California investor pens plan to divide Golden State into six different states

Maggie Knors Contributor
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California’s burgeoning population of 38 million makes the Golden State “ungovernable” and leaves many residents without proper representation, according to Tim Draper, multimillionaire investor.

“California, as it is, is ungovernable. We need our state governments to be local to us,” Draper said in an email to The Washington Times. “We need our state governments to be local to us.”

California could split into six possible states: Silicon Valley, West California, South California, Central California, North California and Jefferson. Draper hopes to have this issue on the November 2014 ballot.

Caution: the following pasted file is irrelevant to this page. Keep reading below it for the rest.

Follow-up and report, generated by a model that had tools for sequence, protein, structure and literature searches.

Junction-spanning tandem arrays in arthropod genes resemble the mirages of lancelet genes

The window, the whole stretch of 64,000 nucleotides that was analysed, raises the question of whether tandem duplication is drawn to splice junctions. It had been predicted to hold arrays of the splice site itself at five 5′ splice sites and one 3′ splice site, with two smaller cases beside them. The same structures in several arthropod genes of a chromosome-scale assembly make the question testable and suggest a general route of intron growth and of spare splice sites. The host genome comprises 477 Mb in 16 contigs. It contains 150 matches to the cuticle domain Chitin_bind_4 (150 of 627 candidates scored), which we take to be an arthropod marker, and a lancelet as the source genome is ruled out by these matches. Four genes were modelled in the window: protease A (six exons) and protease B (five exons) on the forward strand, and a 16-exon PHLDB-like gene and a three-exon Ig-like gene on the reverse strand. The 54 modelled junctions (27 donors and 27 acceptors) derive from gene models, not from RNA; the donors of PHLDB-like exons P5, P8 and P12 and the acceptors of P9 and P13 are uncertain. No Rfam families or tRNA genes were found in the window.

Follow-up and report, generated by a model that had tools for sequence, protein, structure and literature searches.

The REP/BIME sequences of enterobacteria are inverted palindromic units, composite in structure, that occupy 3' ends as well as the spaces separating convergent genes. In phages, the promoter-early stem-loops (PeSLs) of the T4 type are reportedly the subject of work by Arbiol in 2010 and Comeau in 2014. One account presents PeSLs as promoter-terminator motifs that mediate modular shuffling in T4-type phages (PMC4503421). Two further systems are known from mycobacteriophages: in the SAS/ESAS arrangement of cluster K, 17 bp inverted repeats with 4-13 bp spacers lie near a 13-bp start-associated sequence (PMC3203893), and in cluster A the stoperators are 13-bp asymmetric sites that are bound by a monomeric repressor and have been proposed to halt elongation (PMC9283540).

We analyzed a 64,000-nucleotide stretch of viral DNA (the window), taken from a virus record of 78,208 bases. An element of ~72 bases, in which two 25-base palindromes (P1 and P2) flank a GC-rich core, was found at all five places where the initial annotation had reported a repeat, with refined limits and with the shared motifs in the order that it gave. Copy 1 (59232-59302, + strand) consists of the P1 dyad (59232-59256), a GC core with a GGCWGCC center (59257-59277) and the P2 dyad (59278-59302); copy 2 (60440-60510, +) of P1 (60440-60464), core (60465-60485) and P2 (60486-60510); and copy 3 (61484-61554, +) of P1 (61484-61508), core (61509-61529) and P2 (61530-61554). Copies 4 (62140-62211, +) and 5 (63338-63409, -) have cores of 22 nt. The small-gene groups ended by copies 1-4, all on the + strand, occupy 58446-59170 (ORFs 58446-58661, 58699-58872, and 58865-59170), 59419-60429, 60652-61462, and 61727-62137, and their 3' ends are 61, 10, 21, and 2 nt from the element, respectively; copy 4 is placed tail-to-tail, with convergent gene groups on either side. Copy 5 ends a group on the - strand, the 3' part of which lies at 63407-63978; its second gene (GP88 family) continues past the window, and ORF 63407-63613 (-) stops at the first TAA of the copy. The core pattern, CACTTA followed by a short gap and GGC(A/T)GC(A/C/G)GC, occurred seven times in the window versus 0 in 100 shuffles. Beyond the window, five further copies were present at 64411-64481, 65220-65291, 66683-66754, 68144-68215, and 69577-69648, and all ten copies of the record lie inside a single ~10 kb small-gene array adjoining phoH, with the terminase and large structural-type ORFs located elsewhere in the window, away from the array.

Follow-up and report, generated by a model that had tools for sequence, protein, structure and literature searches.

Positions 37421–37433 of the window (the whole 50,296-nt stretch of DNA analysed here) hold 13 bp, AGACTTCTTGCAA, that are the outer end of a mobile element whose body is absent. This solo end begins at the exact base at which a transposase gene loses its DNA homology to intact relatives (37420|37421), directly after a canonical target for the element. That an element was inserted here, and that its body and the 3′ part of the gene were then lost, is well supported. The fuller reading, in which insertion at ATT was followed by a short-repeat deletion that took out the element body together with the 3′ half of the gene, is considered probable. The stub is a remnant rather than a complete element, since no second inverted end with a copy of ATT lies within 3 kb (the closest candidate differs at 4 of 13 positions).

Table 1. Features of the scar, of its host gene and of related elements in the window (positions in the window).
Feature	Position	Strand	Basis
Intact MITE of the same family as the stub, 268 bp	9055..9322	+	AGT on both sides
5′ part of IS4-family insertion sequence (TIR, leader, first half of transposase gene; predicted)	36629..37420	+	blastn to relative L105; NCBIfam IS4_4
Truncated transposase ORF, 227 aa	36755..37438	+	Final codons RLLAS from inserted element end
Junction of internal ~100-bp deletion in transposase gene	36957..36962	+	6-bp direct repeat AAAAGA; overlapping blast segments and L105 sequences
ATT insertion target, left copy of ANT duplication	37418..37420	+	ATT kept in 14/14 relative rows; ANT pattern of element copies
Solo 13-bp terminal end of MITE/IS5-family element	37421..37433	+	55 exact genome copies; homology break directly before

However, the plans could cause economic divide. Legislative analysis for the amendment showed two states becoming richer while the other four became poorer.

Organizers need one million signatures and the approval of both Congress and California voters. Questions about water supply, university systems and social institutions must also be resolved.

The plan would make Silicon Valley the nation’s richest state, behind Washington, D.C. Property taxes and revenue would be spilt unequally as well. But according to Draper, the proposed poorer “states” (Central California and Jefferson) support his measure the most, since the current formula is not helping them.

The proposal would allow California twelve representatives. It is not clear whether or not a state can be split within its own borders.

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Maggie Knors